The government is to extend the deadline for holding elections in Northern Ireland and cut the salaries of Stormont Assembly members.
Northern Ireland Secretary Chris Heaton-Harris is due to make a statement in the House of Commons on Wednesday outlining his next steps in response to the region’s power-sharing crisis.
The failure to form a Stormont ministerial executive after May’s election left the government with a legal responsibility to hold an election by January 19.
Mr Heaton-Harris has already ruled out a December election, and asking voters to go to the polls in January would present significant logistical challenges as it would involve campaigning over the festive period.
The AP news agency understands the Secretary of State will extend the current January 19 deadline by six weeks, with an option to extend it by a further six weeks.
It is understood he will take steps to cut MLA pay by around a third.
Mr Heaton-Harris is to hand extra powers to Stormont civil servants to allow them to run the region’s rudderless public services.
He is also expected to confirm plans to pass a budget for Stormont.
The moves, which are expected to be announced later on Wednesday, will require legislation to be drawn up and passed at Westminster.
Mr Heaton-Harris is understood to have informed Stormont parties of his intentions on Wednesday morning.
On Tuesday, Downing Street said restoring power-sharing was an “absolute priority” after the issue was the first item on the agenda at a Cabinet meeting chaired by Prime Minister Rishi Sunak.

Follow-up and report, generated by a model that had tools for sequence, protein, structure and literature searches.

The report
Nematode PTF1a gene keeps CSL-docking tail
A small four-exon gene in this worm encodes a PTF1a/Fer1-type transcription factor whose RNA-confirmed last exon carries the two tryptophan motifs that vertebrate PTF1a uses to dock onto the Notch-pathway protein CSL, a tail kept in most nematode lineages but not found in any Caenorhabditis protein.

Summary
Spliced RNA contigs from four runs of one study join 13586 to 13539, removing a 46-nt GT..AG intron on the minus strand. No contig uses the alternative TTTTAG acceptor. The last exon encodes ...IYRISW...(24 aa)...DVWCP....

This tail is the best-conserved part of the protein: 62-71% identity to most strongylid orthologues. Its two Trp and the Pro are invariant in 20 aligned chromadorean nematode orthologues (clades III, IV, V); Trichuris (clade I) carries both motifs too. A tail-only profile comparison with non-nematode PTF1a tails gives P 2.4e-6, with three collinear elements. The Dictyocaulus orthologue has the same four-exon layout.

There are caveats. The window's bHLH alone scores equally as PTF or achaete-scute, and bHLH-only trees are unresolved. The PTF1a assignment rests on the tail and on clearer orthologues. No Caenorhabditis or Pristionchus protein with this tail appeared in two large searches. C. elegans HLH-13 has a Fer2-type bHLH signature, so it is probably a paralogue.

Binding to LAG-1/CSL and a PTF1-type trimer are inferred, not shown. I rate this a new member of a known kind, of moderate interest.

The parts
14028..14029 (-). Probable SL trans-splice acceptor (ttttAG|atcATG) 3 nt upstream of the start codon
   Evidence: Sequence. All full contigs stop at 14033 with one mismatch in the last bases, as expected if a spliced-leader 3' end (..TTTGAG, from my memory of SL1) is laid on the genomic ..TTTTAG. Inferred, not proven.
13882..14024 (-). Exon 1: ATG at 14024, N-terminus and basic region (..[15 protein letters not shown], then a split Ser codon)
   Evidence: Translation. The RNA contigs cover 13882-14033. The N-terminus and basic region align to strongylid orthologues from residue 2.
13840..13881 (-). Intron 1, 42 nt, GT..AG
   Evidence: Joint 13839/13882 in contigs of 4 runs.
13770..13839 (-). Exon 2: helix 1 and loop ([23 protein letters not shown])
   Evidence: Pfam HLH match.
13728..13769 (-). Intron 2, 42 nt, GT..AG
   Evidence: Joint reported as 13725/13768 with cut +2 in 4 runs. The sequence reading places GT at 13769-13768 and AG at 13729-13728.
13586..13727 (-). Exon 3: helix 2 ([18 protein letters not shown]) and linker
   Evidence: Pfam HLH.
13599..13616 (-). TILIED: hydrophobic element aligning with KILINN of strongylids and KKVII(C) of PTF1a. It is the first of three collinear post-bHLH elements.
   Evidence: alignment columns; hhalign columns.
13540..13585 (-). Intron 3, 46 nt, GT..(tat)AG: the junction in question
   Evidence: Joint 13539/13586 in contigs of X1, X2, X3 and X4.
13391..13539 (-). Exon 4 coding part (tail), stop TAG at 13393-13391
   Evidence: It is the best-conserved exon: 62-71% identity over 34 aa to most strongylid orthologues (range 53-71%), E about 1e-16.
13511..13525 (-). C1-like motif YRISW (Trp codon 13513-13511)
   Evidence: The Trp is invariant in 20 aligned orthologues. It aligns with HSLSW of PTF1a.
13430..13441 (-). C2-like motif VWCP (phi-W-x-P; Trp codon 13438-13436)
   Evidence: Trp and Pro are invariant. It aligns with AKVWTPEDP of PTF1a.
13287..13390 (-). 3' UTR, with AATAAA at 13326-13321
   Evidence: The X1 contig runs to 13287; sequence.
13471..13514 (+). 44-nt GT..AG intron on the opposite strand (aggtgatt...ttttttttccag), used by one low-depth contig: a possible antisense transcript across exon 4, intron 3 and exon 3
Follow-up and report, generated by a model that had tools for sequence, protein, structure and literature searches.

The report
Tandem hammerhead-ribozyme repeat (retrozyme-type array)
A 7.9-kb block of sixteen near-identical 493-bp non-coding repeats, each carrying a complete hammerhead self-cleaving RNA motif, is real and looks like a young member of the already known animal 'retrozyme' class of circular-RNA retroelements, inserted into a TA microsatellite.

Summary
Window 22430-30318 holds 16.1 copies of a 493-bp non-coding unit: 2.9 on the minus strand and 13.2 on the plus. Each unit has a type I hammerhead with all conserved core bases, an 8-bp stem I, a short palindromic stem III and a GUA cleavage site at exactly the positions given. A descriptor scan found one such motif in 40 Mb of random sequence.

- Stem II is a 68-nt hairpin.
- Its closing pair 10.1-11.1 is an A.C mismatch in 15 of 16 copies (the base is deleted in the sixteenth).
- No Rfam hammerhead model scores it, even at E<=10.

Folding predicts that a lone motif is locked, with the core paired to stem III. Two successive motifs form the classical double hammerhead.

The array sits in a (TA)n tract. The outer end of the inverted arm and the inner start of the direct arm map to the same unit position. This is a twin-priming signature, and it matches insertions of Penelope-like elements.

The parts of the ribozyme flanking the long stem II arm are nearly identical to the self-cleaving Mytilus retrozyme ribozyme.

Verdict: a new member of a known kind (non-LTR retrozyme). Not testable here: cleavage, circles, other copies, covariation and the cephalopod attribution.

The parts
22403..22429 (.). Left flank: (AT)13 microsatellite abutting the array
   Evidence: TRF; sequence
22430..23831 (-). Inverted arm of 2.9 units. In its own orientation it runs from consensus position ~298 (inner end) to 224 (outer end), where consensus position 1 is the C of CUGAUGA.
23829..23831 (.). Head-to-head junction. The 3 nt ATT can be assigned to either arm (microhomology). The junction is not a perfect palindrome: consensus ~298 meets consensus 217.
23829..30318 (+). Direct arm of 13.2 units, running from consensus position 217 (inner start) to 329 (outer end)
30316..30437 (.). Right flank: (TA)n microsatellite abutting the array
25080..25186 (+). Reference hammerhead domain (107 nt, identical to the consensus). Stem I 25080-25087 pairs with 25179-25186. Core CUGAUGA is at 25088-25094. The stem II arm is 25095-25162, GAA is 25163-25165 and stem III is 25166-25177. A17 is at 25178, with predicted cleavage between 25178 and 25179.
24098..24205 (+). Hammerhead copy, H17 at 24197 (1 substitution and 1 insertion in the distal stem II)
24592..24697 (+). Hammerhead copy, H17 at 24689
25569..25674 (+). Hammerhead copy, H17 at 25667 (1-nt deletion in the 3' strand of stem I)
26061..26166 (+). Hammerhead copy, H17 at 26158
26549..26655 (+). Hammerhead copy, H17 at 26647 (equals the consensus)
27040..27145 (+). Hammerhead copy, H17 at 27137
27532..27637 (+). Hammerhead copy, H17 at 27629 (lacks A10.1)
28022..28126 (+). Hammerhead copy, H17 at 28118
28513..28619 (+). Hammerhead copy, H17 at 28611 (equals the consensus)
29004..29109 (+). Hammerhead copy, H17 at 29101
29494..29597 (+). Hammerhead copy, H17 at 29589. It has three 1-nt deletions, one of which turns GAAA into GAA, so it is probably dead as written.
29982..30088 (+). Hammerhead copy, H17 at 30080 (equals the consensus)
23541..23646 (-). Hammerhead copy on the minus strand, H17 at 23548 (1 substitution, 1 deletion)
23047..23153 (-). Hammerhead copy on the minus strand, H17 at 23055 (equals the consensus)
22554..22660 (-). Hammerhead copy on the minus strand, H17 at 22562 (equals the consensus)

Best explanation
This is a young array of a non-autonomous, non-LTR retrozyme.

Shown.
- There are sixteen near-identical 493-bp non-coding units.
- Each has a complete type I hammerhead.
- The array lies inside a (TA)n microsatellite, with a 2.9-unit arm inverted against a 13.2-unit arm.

A DUP boycott of devolved institutions in protest at Northern Ireland’s Brexit deal has prevented the formation of an executive in Belfast.
The region’s biggest unionist party has made clear it will not accept a return to power-sharing until economic barriers in the UK-Northern Ireland trade protocol are removed.
Negotiations between London and Brussels to secure changes to the protocol continue, with both sides discussing the prospect of a deal.
Extending the deadline would increase the likelihood that the talks will produce anything substantial before any election date.
If an agreement were reached on protocol that convinced the DUP to return to a devolved executive, the government would likely come under further pressure to abandon election plans altogether.
The UK and Irish governments are keen to avoid a scenario where Stormont remains in limbo next April, when the 25th anniversary of the historic Good Friday peace agreement will be marked.
Existing legislation gave Stormont parties almost six months to form an executive after the last election in May, in which Sinn Fein emerged as the largest party for the first time.
The deadline for setting up a new executive expired on October 28, at which point the Government assumed a legal responsibility to hold a new poll within 12 weeks.
Despite repeatedly promising to set an election date as the deadline passed, Mr Heaton-Harris backtracked on his pledge, prompting Stormont parties to accuse him of a U-turn.